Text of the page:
- The Universities of Europe in the Middle
Oxford University Press
Unless your story centers around university life, you do not
need to know this much about them: 1500 pages in three volumes,
covering academic institutions in England, France, Germany, Italy
and Spain. If that's what you're writing about, get your own
copy now! Incredible detail. T3
Ratcliffe, Derek A.
- The Peregrine Falcon YY
Buteo Books, Vermillion, SD, 1980; illus. by Donald Watson
Mostly ornithological information with a little falconry and
history of books on falconry, but valuable on how and where and
when birds can be found, since they were not bred in captivity.
Rice, David Talbot
- Islamic Art ***
Let's not forget who controls much of Spain, not to mention Sicily
and occasional spots in Italy and southern France. See what's
arriving on the ships from Outre-Mer. T3
- Sex, Dissidence & Damnation: Minority
Groups in the Middle Ages *****!
Barnes & Noble, NY
Everyday life for people likely to be whipped, branded, or burnt
alive whenever the local authorities ceased to be lethargic:
gays, anyone not Roman Catholic, those forced into economic shadows,
like prostitutes, and the hapless lepers. The ugly side of society.
Rodgers, William Ledyard
- Naval Warfare Under Oars, 4th to 16th Centuries. A
Study of Strategy, Tactics and Ship Design ***
Naval Institute Press, 1990 (1940); 358 pg, index
A classic back in print. In this period rigging is so primitive
that oars are necessary for any but the crudest maneuvering.
Especially useful if you are covering your Crusaders crossing
the Mediterranean. T2
Rosenthal, Joel T.
- Medieval Women and the Sources of Medieval
Athens: Univ. of Georgia Press. 1990
Ross, James Bruce, and Mary Martin McLaughlin,
- The Portable Medieval Reader *****!
The Viking Press, 1949, still in print; 698 pg
Writings culled from the period on an illuminating variety of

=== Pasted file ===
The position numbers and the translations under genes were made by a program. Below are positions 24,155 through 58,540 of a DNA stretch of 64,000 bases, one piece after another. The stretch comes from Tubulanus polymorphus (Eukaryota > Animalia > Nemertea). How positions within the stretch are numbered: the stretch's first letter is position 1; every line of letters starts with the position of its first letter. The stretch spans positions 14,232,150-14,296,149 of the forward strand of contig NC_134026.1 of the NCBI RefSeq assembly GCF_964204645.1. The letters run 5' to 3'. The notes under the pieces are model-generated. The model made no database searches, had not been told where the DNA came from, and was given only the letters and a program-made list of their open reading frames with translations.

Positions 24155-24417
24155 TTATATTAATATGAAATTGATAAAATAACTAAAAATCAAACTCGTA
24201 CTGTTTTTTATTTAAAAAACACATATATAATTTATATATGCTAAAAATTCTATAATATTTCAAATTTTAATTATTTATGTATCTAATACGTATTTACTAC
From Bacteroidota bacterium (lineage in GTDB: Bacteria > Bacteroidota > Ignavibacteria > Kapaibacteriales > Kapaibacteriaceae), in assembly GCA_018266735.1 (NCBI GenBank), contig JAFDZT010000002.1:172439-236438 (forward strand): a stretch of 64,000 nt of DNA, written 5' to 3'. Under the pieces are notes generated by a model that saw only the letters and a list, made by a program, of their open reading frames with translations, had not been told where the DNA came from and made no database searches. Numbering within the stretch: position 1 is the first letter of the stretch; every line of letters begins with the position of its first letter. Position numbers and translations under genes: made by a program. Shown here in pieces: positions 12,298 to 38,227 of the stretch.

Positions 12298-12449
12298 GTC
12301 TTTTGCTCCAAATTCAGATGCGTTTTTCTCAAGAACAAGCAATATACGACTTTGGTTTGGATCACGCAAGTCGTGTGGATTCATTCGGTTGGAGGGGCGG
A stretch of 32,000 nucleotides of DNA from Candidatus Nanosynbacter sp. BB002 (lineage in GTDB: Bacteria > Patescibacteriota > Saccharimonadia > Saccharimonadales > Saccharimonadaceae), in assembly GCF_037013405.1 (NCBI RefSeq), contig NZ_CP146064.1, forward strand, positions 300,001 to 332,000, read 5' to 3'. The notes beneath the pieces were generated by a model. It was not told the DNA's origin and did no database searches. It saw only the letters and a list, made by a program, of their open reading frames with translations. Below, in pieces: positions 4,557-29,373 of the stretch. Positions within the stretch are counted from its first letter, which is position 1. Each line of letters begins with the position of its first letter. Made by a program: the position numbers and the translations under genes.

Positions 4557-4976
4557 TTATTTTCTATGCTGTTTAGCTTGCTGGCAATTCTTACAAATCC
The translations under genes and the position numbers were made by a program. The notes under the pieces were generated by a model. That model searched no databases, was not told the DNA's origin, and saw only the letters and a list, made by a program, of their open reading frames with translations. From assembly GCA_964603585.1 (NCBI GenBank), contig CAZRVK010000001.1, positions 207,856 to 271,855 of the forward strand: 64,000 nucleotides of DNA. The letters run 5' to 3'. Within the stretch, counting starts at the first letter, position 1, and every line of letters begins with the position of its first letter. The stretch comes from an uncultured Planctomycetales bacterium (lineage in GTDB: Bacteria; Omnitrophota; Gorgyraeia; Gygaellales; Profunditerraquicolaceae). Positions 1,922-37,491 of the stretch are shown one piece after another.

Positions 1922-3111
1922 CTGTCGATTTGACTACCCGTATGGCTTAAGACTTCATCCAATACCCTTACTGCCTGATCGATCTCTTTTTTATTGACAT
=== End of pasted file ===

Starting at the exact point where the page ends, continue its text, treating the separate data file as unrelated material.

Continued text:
topics. Excellent first book to read. T1
- Medieval Prostitution ****
Barnes & Noble, NY; 213 pg
A study of whores, pimps, brothel keepers, and what was considered
their contribution to the stability and safety of society. T2
- Medieval Cities ***
George Braziller, 1968
Illustrated with original city plans (usually Renaissance), gives
reasons why the city of the Middle Ages grows the way it does.
Salmonson, Jessica Amanda
- The Encyclopedia of Amazons: Women Warriors from
Antiquity to the Modern Era
Paragon House, NY, 1991; 290 pg, no index, bibliography
Wonderfully informative in this period, provided you ferret the
ladies out of alphabetical order. Almost all are from the upper
classes, where the male warriors were clustered, too. Women were
nowhere near as frail and subdued as Victorian Romanticism has
painted them for us! T2
- The Monks of War ****
Penguin Books, NY
Basics on the major military orders -- the Templar, Hospitallers,
and the Teutonic Knights -- from their formation before the first
Crusade through their present remnants. T2
- Dresses and Decorations
of the Middle Ages, from the Seventh to the Seventeenth Century
- 1843; London, William Pickering
- Very Anglo-centric rather than Franco-centric
- Guide to the Horses of the World ***
- Chartwell Books, 1990, orig. 1975; 223 pg,
Good historical notes should guide you to avoiding most of the
breeds in here as too modern, and constructing your few Medieval
breeds. Nags rule! T2
Slisbury, Joyce E., ed
- Sex in the Middle Ages
New York: Garland. 1991
- Mediavel Feudalism ****!
- 1942: Cornell University Press
- This was published as a standard text on
the subject through the 1970s (and may be yet). It is a brief
and pointed essay: he does not go on for 400 pages on intricacies
and hundreds of examples and exceptions. Instead, he lays it
out in what came to about 40 pages in my compressed text version
(8.5 x 11, single-space, no index). Having learned to write before
obfustication in academia became the norm, it's really understandable.